This is a tough one to write. I mean, Mallory Keaton (born in 1966 as “Justine Bateman”) obviously means the world to me and after her TV series ended, well, she had to do something, didn’t she? Apparently, she scrawled her John Hancock on the first script to come across her kitchen table, and in hindsight, it wasn’t the best choice she could have made. They say a journey of a thousand miles begins with a single step, but Mallory’s first post-Family Ties footstep sent her in the completely wrong direction and her subsequent career ended up being a voyage of about six or seven meters, a fair measure short of a thousand miles.
Okay, it may have been that she was bound and determined to shed her vaguely prep, barely sentient (but still so very, very hot) Midwestern good girl image, but for her to attempt to portray a rebellious rock n’ roll singer right out of the blocks was just too much and too sudden of a jump. Did we see Shelly Long hamming it up as Nancy Spungen in Sid and Nancy or Erin Moran breaking out the electrical tape to play Wendy O. Williams in The Story of the Plasmatics? No, we did not. I remember I happened to stumble upon this movie while it was playing in the background at some party during the scene where Mallory’s character is trying to stir things up by shouting out some anti-authority slogans during a high school graduation ceremony and instantly bursting into tears at how wrong it all was. It got even worse when she ends up being the lead singer in a “rock band” since neither she nor the people writing and filming the movie have the faintest idea of what a rock band, or even rock music, is. It’s all as genuine as margarine and just as sickening, I’m afraid, reaching a low point when Mallory starts banging on a cowbell with all the earnest ridiculousness of some bell-bottomed member of Foghat.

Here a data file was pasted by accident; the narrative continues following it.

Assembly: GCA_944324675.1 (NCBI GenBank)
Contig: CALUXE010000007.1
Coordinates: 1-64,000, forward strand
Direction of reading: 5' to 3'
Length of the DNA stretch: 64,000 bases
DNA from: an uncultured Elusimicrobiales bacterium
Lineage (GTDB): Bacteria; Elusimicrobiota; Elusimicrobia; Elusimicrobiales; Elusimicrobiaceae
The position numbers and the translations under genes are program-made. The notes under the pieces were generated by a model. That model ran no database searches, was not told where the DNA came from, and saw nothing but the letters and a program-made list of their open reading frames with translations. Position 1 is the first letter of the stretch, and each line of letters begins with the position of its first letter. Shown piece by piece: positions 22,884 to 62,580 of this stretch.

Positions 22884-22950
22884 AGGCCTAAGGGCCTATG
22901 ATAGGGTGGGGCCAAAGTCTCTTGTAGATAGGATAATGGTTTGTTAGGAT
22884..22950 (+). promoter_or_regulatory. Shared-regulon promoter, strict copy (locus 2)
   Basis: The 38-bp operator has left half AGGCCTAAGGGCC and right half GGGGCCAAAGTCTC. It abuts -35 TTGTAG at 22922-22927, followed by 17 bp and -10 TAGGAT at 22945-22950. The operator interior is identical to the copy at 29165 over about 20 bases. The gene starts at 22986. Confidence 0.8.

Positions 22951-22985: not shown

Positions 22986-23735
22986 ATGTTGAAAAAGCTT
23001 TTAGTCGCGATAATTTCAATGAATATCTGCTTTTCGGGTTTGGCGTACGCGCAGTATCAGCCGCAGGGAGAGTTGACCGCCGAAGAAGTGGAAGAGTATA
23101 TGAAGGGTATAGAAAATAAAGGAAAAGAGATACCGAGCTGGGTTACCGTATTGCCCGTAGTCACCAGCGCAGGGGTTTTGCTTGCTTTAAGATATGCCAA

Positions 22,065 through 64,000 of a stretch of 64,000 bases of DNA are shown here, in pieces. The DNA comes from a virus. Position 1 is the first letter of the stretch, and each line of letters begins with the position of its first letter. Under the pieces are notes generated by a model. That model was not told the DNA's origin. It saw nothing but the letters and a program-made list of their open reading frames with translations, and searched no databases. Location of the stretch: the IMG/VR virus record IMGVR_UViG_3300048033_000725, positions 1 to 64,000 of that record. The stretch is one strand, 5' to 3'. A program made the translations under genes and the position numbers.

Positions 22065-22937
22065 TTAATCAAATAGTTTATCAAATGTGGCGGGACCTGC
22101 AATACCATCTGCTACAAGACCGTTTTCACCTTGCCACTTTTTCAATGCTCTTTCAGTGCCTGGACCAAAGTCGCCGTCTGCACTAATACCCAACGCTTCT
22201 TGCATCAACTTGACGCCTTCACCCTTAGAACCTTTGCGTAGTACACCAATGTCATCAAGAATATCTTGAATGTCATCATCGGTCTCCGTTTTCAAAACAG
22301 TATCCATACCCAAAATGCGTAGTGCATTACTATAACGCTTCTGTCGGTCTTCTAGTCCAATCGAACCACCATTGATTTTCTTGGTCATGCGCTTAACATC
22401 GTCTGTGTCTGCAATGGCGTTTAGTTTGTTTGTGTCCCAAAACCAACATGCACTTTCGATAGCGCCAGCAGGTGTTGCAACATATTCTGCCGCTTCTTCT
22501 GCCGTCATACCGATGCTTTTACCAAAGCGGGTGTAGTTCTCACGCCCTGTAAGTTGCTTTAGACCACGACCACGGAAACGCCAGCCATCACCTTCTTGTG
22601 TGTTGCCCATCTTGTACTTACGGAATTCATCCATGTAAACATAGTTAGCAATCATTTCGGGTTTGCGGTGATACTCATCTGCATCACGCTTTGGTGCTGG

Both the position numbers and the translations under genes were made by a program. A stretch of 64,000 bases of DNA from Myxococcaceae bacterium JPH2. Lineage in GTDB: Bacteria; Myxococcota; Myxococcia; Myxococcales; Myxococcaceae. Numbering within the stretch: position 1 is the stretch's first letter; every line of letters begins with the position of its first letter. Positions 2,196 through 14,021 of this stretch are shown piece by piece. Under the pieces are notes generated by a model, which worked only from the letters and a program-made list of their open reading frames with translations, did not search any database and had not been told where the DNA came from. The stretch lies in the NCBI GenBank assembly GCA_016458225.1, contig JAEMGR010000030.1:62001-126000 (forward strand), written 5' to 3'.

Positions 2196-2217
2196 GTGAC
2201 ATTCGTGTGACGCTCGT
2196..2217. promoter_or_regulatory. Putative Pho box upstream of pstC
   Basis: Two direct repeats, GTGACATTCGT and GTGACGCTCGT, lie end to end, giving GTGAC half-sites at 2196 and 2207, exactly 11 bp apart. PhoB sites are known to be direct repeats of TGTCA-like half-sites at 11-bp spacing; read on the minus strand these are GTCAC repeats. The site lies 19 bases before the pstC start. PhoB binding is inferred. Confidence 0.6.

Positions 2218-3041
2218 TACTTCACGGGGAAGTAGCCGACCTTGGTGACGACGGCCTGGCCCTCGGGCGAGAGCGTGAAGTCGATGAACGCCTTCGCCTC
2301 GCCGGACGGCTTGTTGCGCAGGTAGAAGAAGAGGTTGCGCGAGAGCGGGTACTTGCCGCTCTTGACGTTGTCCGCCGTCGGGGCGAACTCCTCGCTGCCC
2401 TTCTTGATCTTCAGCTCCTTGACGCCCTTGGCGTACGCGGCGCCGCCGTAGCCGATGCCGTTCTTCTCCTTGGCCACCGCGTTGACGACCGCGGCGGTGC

The entire project isn’t helped by having Julia Roberts slinking around its edges–playing bass guitar in mom jeans, of all things. I have never for a single second found this woman sexy, lovable, charismatic, or even a halfway decent actress. America’s Sweetheart?? You have got to be joking. I mean at least she’s tall, but I’ll take Sigourney Weaver or even Wendie Malick the next time I want to look up at a famous actress as we leave a fine restaurant hand in hand after enjoying a delicious meal I haven’t paid for. In fact, I blame HER for forever sullying Mallory’s good name. Sometimes, it’s okay to be irrational.